6 February 2009
Seven months ago, Port Elizabeth’s 2010 World Cup stadium managers, architects, construction workers and other role-players had their faces rubbed in the dirt.
The venue had initially been selected as the only new stadium for this year’s eight-nation Confederations Cup but, from the start, it was clear that it would be a tall order.
After a couple of reprieves, Fifa pulled the plug and ruled that the port city had been axed for this key 2010 curtain-raiser. The city’s dreams of building a world-class stadium in record time for the “Festival of Champions” had been dashed.
So there was more than a little irony to 2010 Local Organising Committee CEO Danny Jordaan’s visit to the city this week. After all, the city is on track to sign off on South Africa’s first completed stadium for next year’s World Cup. And in just four months, it will be christened with a British Lions tour match.
Jordaan was able to walk on the newly laid pitch and take in a view of a venue that has 40 000 of its 48 000 seats already installed. More than half of the 36 girders that will support the roof have been erected, and the columns, slabs, precast seating, precast raking beams and moat are already complete.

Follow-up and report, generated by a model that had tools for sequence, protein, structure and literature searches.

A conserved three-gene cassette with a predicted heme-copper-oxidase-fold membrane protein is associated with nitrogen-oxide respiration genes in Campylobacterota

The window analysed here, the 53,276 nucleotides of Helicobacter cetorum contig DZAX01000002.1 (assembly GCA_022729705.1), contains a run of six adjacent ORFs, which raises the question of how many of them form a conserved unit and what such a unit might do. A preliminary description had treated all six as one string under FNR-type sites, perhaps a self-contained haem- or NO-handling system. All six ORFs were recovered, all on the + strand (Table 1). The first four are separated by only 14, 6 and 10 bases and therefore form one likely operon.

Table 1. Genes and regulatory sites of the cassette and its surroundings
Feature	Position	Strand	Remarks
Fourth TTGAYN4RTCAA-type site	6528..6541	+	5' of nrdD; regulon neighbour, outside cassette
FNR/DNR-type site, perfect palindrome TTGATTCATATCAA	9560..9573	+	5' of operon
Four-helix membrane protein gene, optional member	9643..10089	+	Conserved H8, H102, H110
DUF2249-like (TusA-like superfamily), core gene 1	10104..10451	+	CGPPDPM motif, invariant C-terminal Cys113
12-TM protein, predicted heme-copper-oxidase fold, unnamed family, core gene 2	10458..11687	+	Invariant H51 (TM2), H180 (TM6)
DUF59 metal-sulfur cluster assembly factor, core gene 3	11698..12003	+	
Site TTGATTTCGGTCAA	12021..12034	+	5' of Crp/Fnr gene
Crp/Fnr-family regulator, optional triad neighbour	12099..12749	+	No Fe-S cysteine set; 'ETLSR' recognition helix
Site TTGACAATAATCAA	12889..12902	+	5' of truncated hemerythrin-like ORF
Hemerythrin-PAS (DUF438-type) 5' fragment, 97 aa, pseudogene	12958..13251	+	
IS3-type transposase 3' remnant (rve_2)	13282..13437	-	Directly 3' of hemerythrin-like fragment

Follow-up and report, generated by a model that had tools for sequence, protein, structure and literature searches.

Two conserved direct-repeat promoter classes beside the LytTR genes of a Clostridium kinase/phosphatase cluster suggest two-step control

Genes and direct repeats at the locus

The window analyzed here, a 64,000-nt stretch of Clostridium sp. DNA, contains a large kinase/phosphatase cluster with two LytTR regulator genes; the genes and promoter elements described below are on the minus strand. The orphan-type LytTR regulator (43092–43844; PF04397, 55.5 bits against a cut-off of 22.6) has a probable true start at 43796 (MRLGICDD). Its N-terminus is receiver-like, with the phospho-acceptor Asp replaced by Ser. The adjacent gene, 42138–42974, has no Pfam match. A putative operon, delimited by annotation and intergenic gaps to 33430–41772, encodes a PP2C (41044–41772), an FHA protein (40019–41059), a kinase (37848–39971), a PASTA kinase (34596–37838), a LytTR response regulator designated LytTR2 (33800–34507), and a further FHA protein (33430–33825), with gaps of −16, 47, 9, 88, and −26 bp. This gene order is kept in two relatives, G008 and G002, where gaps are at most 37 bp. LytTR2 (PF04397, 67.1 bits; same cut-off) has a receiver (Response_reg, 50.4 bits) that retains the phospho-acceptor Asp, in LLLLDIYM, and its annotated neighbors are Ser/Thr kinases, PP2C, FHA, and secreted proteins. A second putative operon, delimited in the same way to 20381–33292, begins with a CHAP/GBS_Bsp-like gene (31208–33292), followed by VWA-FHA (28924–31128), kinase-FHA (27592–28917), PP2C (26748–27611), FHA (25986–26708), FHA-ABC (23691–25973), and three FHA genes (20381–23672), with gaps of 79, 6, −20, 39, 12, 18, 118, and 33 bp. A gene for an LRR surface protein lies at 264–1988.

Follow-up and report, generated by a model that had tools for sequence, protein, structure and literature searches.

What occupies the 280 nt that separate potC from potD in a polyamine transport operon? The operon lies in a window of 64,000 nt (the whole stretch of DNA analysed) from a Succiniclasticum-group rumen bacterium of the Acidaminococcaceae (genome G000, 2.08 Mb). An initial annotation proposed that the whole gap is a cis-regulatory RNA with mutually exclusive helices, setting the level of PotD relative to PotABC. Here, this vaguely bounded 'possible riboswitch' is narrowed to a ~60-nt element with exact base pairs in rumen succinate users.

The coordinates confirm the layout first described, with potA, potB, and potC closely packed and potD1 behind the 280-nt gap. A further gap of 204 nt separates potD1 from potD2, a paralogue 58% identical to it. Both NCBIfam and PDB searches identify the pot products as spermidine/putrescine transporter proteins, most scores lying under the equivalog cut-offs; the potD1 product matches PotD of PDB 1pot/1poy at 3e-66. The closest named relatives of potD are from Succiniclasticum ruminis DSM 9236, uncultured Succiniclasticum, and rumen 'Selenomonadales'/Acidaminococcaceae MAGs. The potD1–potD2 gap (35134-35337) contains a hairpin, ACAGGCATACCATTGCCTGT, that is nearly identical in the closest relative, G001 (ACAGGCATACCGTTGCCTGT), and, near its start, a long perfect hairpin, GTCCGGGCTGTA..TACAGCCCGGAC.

Like every other 2010 stadium, it has come at a price. The initial cost was estimated at R250-million, but this rose to R1.2-billion a year ago and it now stands at R1.95-billion, of which the Nelson Mandela Bay municipality will have to pay 10 percent.
Time will tell whether these stadiums will become white elephants or magnificent symbols of South Africa’s new role as a world-class destination. If the determination of Port Elizabeth’s 2010 organisers is anything to go by, it will be the latter.
Urquhart is a former Fifa World Cup media officer and the current editor of Project 2010